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The Pathway for New Rubyists

    Kingsley Silas

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    One interesting fact about the Ruby ecosystem is its hyperactive nature. New updates, features, and tutorials spring up almost everyday. This makes the ecosystem interesting and fun, yet it could bring untold harm to new Ruby programmers. It is possible to get lost in the volatile nature of this interesting community without a sense of direction.

    This is one article I wished had been written before I ventured into Ruby programming. I am writing this to help new Ruby programmers from encountering the challenges I faced by suggesting books, courses, blogs, and forums which, in my opinion, can be instrumental on their journey.

    The community that grows up around a programming language is one of its most important strengths. Ruby has a vibrant and growing community that is friendly towards people of all skill levels. – Ruby-lang.org


    Learn Ruby The Hard Way

    This is the book I started with first. It proved that the hard way is the better way! This is a no-nonsense book for new Rubyists. It makes you dedicate your time to really getting you hands dirty with Ruby through the exercises after each chapter. This is a perfect book for someone starting to learn Ruby. In fact, I would give it to someone who is just starting out. This is why it is the first book on my list.

    The Well-Grounded Rubyist

    This book, published by David A. Black, has been of great benefit to me in learning Ruby. The Well-Grounded Rubyist starts with the basics of the Ruby language and further explains Ruby objects from the ground up. The author focuses primarily on the core of the Ruby language. I love the fact that he avoided libraries and frameworks here in favor of providing an in-depth look at Ruby.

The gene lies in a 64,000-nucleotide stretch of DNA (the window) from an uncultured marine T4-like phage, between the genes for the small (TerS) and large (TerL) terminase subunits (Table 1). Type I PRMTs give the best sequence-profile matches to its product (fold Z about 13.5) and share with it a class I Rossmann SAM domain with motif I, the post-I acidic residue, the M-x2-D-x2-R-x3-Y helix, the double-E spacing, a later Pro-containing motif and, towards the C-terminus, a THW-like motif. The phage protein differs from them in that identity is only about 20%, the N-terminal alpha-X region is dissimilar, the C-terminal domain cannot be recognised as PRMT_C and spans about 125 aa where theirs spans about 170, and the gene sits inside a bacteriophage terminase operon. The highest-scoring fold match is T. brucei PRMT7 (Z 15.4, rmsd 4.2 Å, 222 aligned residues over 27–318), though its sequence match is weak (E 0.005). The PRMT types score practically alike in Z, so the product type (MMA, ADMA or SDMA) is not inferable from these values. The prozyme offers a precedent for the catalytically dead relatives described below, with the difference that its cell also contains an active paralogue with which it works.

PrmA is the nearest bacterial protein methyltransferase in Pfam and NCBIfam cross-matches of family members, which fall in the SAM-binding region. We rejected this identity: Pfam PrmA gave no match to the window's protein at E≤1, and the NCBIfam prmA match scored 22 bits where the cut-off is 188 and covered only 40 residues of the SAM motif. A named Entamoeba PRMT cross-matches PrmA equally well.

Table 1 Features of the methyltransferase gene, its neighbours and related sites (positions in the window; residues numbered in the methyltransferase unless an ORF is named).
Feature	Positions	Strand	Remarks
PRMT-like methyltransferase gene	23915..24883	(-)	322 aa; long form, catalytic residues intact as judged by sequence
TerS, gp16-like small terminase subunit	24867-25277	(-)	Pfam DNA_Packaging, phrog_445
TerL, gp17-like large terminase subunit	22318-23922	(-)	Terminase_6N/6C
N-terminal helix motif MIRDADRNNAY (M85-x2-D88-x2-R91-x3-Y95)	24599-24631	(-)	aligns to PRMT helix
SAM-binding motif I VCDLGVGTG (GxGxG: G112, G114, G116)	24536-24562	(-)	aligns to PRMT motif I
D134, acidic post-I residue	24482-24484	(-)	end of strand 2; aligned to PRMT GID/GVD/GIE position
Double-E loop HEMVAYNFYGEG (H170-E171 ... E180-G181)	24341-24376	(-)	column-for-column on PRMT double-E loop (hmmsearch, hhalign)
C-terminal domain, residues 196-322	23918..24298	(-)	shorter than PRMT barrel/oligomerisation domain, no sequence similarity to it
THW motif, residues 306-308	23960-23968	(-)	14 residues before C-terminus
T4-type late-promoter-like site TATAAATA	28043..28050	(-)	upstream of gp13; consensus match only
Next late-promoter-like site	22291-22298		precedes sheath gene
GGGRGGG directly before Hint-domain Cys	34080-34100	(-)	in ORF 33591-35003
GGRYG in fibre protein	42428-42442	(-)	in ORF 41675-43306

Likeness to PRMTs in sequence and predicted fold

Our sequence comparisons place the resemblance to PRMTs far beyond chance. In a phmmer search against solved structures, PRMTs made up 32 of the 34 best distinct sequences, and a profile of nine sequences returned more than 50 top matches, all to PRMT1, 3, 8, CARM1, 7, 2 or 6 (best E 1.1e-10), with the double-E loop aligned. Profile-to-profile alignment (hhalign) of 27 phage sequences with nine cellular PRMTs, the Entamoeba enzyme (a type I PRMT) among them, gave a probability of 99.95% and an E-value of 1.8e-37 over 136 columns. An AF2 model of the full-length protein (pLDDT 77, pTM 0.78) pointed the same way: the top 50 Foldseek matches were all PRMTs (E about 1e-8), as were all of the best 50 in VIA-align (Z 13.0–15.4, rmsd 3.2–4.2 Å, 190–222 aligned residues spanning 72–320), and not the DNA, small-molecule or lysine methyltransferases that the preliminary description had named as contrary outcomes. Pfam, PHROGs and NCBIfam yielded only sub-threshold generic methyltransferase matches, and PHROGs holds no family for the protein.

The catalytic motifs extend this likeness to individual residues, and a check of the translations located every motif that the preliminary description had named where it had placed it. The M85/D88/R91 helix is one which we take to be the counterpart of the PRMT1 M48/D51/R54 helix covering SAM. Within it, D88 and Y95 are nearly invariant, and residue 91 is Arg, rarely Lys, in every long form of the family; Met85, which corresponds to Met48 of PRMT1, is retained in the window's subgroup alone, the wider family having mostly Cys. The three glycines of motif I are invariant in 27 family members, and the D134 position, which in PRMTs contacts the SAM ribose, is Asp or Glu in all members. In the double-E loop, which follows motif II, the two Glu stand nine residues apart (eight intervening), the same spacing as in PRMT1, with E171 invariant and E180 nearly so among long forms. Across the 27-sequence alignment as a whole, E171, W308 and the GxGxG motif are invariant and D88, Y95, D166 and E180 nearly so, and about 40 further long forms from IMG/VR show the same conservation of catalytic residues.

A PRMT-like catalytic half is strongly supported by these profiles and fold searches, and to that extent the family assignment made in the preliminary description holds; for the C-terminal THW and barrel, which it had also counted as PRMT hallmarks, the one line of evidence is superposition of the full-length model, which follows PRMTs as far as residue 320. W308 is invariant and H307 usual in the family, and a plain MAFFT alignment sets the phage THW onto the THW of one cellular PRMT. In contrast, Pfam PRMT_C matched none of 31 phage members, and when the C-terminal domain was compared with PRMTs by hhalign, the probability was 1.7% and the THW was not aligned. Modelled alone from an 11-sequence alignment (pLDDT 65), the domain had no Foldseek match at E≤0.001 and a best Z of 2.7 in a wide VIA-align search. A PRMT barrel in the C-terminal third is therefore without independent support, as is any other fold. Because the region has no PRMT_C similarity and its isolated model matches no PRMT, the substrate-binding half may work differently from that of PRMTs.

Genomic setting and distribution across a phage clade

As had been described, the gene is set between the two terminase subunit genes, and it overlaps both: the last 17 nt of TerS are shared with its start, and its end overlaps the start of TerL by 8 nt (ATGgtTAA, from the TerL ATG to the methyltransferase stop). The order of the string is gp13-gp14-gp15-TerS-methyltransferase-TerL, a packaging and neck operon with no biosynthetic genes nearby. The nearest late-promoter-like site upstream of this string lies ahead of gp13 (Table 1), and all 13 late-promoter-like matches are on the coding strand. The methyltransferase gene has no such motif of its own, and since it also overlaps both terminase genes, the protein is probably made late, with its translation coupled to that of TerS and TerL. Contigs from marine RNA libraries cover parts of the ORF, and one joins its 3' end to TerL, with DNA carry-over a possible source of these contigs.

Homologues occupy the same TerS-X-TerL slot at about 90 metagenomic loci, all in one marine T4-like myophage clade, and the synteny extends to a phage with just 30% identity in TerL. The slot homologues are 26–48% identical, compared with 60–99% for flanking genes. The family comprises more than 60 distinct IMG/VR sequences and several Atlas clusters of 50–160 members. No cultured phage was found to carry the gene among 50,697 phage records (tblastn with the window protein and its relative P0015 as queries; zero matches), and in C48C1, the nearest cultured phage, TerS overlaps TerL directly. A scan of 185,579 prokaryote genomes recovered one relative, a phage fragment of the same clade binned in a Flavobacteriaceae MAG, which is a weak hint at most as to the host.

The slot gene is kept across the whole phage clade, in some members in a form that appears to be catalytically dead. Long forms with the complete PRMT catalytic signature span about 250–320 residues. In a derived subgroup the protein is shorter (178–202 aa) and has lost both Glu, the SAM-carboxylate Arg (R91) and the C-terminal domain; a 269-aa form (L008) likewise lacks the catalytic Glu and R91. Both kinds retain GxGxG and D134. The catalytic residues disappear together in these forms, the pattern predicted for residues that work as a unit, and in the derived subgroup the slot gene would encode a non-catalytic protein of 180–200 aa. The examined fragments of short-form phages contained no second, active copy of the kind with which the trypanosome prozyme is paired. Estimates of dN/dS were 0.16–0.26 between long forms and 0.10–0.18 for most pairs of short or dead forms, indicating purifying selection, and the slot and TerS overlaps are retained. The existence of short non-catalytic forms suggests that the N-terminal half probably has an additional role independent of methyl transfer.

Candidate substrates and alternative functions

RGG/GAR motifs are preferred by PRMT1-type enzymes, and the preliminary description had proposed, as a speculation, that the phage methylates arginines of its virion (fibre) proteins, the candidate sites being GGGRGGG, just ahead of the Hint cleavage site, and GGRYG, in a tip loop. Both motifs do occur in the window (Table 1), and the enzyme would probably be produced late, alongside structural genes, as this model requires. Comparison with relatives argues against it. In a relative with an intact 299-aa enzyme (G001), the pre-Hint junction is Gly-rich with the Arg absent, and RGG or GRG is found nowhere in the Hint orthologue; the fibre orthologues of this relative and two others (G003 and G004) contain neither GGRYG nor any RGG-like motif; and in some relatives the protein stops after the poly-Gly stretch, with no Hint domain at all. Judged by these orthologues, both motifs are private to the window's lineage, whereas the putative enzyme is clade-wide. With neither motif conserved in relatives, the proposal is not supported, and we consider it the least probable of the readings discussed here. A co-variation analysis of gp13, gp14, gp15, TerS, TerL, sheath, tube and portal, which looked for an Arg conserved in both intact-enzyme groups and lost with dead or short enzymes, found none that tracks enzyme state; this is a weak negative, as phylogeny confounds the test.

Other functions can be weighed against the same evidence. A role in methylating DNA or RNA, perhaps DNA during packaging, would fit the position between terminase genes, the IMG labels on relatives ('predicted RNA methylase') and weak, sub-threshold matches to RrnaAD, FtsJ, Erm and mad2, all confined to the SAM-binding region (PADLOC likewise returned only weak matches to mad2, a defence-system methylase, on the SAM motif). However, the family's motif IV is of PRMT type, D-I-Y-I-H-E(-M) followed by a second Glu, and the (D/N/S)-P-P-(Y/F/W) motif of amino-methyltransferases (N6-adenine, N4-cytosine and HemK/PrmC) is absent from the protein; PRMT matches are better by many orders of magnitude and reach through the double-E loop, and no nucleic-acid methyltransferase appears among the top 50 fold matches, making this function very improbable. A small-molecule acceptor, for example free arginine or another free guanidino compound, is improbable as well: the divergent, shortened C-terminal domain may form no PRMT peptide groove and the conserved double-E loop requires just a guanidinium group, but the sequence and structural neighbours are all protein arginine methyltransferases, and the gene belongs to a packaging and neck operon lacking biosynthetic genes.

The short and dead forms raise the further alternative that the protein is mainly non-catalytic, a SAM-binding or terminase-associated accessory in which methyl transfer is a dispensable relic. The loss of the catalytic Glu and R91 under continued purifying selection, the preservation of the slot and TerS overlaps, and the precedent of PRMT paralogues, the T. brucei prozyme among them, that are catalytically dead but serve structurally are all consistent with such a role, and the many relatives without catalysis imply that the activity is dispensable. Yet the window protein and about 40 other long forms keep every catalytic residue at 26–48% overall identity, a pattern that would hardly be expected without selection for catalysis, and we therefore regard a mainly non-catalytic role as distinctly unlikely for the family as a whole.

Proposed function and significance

The book is written with code samples that are very effective in learning. Though it is not a new book, it’s impact cannot be underestimated. The book goes beyond the circle of new Rubyists. As one reader commented:

    “The technical depth is just right to not distract beginners, yet detailed enough for more advanced readers.”

    If you are looking to really get your hands dirty with pure Ruby, dive into The Well-Grounded Rubyist.

    The book covers the following:

    1. Part 1 – Ruby Foundations

      • Bootstrapping your Ruby literacy
      • Objects, methods, and local variables
      • Organizing objects with classes
      • Modules and program organization
      • The default object (self), scope, and visibility
      • Control-flow techniques
    2. Part 2 – Built-in Classes and modules

      • Built-in essentials
      • Strings, symbols, and other scalar objects
      • Collection and container objects
      • Collections central: Enumerable and Enumerator
      • Regular expressions and regexp-based string operations
      • File, I/O, and system operations
    3. Part 3 – Ruby Dynamics

      • Object individuation
      • Callable and runnable objects
      • Callbacks, hooks, and runtime introspection

    Practical Ruby For System Adminisration

    I added this book to the list for curious new Rubyists who want to try their hands at the scripting powers of Ruby. This is my goto book for system administration using Ruby. It does not introduce Ruby, but focuses on what Ruby can do for you. There are common tasks, a practical look at performance, the power of metaprogramming, how to build files the smart way, object storage and retrieval, how to work with enterprise data, how to network for fun and profit, and network monitoring.

    This is a how-to book for system administration.


    Learnable – Getting Started With Ruby